BackgroundOn 22 June 2015, few days after the legislative vote on the 2015 Hong Kong electoral reform over the electoral method of the 2017 Hong Kong Chief Executive election, 2017 Chief Executive election, moderate democrat Ronny Tong Ka-wah, who had campaigned for his mid-way reform proposal, announced that he would quit the Civic party that he co-founded and would also resign from the Legislative Council as he said it was inappropriate for him to retain his seat in the legislature because he stood for election as a Civic Party member which was effective on 1 October 2015. After the resignation of Ronny Tong, the seats commanded by the pan-democrats and in the geographical constituencies became 17-17. If the pro-Beijing camp had gained the majority of the seats, the pan-democrats feared that they would have modified the rules of procedure, which require a majority in both geographical and functional constituency (Hong Kong), functional constituencies, in order to block filibustering, which had been used by pan-democrats as a tool against legislative Bill (law), bills by the Leung Chun-ying administration that they saw as unreasonable.
Candidatesof the , the number two candidate after Ronny Tong in the Civic Party’s list running in New Territories East constituency in the 2012 Hong Kong legislative election, last LegCo election in 2012, was named by Tong as his successor. Other pan-democratic parties also made way for the Civic Party in order to have only one candidate to represent the Pro-democracy camp in Hong Kong, pan-democracy camp. Youngspiration, a Localism in Hong Kong, localist group intended to field a candidate and invited the Civic Party to hold a primary, modeling from the pan-democratic primary for the 2007 Hong Kong Island by-election, but later dropped out due to the lack of time for a primary. Yeung submitted his nomination form on 5 January 2016, the first day for the nominations. Holden Chow Ho-ding, vice chairman of the largest pro-Beijing camp, Beijing-loyalist party Democratic Alliance for the Betterment and Progress of Hong Kong (DAB) who submitted his nomination form on 5 January 2016, represents the in the by-election. He was endorsed by major pro-Beijing parties, New People's Party (Hong Kong), New People's Party, Business and Professionals Alliance for Hong Kong and Hong Kong Federation of Trade Unions. Christine Fong Kwok-shan, former member of the Liberal Party (Hong Kong), Liberal Party, independent Sai Kung District Councillor who aimed to provide a choice between pro-democracy and pro-Beijing camp, submitted her nomination form on 7 January 2016. Wong Sing-chi, former member of the Democratic Party (Hong Kong), Democratic Party, announced his candidacy for the newly-formed centrist party, Third Side, aiming to offer an alternative to the now-polarised pan-democratic and pro-Beijing camps. He submitted his nomination form on 11 January 2016. Lau Chi-shing, a nonpartisan candidate submitted his nomination form on 13 January 2016. Edward Leung Tin-kei, a member of localist Hong Kong Indigenous, submitted his nomination form on 15 January 2016. He was supported by the localist groups such as Youngspiration and Civic Passion, as well as figures like legislator Wong Yuk-man and scholar Chin Wan. Albert Leung Sze-ho, an independent candidate submitted his nomination form on 16 January 2016, vowed to modify the rules of procedure in order to block pan-democrats' filibustering.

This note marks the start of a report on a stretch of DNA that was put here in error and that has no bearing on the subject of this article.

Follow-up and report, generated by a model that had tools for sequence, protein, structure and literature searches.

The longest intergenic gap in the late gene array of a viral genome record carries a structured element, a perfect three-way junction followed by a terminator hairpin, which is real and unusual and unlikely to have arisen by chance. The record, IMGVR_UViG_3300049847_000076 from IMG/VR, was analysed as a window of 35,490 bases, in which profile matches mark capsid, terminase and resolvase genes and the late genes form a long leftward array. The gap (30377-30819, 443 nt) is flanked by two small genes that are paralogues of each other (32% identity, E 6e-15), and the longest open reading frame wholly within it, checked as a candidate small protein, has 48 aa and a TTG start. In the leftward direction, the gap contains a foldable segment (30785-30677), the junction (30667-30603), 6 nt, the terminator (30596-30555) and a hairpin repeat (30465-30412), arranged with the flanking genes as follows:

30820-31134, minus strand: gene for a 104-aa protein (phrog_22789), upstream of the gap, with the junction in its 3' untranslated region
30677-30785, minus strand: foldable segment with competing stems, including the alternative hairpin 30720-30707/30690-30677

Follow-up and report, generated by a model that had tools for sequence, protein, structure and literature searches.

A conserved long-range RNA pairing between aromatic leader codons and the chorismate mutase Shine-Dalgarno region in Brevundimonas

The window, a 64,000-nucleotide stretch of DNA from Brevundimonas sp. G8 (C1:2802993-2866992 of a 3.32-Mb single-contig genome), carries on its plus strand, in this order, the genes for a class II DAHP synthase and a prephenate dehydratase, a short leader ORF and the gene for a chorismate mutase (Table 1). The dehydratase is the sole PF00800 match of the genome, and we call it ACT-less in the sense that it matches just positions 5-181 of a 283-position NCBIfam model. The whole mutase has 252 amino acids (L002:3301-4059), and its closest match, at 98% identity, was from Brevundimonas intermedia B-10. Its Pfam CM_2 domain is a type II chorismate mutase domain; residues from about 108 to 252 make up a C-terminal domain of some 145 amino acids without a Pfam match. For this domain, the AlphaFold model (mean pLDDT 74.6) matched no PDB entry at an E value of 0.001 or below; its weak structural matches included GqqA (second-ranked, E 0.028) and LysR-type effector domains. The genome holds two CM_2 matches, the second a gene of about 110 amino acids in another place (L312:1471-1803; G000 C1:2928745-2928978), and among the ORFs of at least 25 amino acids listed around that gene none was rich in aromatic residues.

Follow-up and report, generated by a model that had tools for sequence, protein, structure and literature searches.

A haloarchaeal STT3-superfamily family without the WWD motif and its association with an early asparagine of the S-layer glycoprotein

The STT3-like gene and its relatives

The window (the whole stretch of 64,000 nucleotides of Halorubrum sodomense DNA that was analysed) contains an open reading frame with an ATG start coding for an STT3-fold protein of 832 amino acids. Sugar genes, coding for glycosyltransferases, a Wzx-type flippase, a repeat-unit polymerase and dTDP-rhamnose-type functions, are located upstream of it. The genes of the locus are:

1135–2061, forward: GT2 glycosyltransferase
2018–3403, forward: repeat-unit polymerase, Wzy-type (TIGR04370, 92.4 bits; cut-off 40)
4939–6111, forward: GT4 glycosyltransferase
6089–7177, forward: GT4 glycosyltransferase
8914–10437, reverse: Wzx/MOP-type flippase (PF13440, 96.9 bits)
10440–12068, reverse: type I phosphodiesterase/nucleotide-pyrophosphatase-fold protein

Mong Kok civil unrestEdward Leung Tin-kei was involved in the 2016 Mong Kok civil unrest, Mong Kok civil unrest broke out on 8 January in which the Hong Kong Indigenous called for actions online to defend the unlicensed hawkers in Hong Kong, street hawkers from being cracked down by Food and Environmental Hygiene Department inspectors and escalated into violent clashes between the police and the protesters. The group also announced that it would “exercise” Leung’s “power” as an election candidate to hold an election march in the Mong Kok night market. Leung was later arrested at the scene and was subsequently released on bail. Other candidates disagreed with the violent acts while Wong Sing-chi of the Third Side asked for an explanation from the Indigenous. Political scientist Ivan Choy Chi-keung believed that the unrest would attract conservative voters come out to vote for the pro-Beijing candidate Holden Chow Ho-ding of the Democratic Alliance for the Betterment and Progress of Hong Kong and further consolidate the radical Localism in Hong Kong, localist base of Leung, which would place the Pro-democracy camp in Hong Kong, pan-democracy 's at a disadvantage.
Electoral forumsA live broadcast electoral forum conducted in English was held during the broadcasting time of ''Backchat'' on RTHK Radio 3 on 17 February. A pre-recorded electoral panel discussion conducted in English was held by ''The Pulse'' on RTHK was first broadcast on ATV World on 19 February.
See also* 2015 Hong Kong electoral reform * 2016 Hong Kong legislative election * List of Hong Kong by-elections